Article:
The Devil has been trying to destroy us, even from the beginning; he first appears in Genesis 3:1 where he is trying to separate people from God even in his first verse, “Now the serpent was more crafty than any of the wild animals the Lord God had made. He said to the woman, ‘Did God really say, “You must not eat from any tree in the garden?”’” In this first appearance he is in the form of a charismatic snake. He is crafty, that is, he is sneaky. The Devil snuck into the garden on his stomach and quietly talked to Eve. This is the Devil’s greatest power: craftiness. Think of it this way, if the Devil came, knocked on your door wearing a shirt saying, “I am evil,” I would hope you’d tell him to go elsewhere. But he doesn’t go through the door, God wouldn’t let him. Oh no, he doesn’t knock either, he sneaks into our hearts. Jesus warns about him in John 10:1, “I tell you the truth, the man who does not enter the sheep pen by the gate, but climbs in by some other way, is a thief and a robber.” This is exactly what the devil does; he finds other ways to ruin us than coming to our door.
Satan’s most powerful way to get us is through what we care about. He turns our cares into worries. He plants his seeds of doubt. And Paul reminds us, “Do not be mislead: ‘Bad company corrupts good character’” (1 Corinthians 15:33). Worries can turn good, healthy cares into something ugly. Satan knows how to manipulate your mind if you let him. First he attacks something you care about. Then suddenly it seems difficult to handle, and because the big things turn hard, the small things start to look bigger than they are. So your priorities go out the window and you can’t focus. -“There are so many things to do, I don’t have time, I don’t have resources, I am totally screwed, this is impossible. OH MY GOD! WHAT HAVE YOU DONE TO ME!?”- The devil just scored a point. We’ve all be there, maybe you are there today. Please, dear friend, calm down.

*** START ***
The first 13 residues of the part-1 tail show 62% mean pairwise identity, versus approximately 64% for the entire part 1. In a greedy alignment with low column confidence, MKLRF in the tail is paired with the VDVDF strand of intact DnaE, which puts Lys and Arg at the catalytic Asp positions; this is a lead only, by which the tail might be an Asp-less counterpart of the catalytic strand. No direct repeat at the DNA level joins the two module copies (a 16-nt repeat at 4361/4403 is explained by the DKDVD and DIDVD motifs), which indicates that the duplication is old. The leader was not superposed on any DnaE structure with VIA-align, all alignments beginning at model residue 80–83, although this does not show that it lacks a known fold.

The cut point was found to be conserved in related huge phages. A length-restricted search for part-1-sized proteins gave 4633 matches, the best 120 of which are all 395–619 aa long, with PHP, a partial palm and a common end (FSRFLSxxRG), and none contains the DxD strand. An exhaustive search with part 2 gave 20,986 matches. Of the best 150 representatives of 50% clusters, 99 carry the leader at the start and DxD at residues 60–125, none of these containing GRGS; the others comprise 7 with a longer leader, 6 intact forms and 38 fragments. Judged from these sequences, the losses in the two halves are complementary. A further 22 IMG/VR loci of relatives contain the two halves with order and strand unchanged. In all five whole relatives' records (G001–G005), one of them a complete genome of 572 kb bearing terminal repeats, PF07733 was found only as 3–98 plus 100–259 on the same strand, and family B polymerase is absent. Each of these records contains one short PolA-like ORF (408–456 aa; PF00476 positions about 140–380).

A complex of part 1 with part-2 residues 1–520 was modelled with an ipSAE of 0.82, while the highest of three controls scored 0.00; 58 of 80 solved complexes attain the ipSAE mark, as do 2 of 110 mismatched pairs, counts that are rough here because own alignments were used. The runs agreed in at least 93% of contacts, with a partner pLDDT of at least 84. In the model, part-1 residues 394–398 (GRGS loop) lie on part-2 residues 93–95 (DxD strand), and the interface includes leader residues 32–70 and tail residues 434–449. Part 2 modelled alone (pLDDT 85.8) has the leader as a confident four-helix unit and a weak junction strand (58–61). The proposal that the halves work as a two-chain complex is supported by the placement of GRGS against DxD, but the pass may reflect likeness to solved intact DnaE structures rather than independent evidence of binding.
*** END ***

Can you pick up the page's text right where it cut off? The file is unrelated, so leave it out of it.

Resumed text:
There’s a book (and a movie) called “The Hitchhiker’s Guide to the Galaxy.” The story focuses around a book that is basically an encyclopedia for the whole universe. The focal point though of this “guide” is that in big letters on the back is the phrase “Don’t Panic.” Honestly, the Bible should have this feature. While reading the Word, especially the New Testament, we are told over and over, “don’t panic.” Here, listen to what Jesus says in John 14:1, “Do not let your hearts be troubled. Trust in God; trust also in me.” Jesus says “Don’t panic, you have the Creator of the universe on your side and his ever-merciful son too.” He also tells us, “Who of you by worrying can add a single hour to his life? Since you cannot do this very little thing, why do you worry about the rest?” (Luke 12:25-26) Jesus reminds us that we have very little power in most situations and so worry helps nothing. So don’t worry about things, don’t let the devil get to you. Worrying isn’t going to help anything. If you’re losing sleep over a problem, how can you solve it? You’re too tired to do anything! Just relax, don’t panic. “But Jesus!” you say, “This situation is impossible! It’s too hard! What can I do?” Maybe for you, yes, it is too hard; but not for God: “For nothing is impossible with God” (Luke 1:37).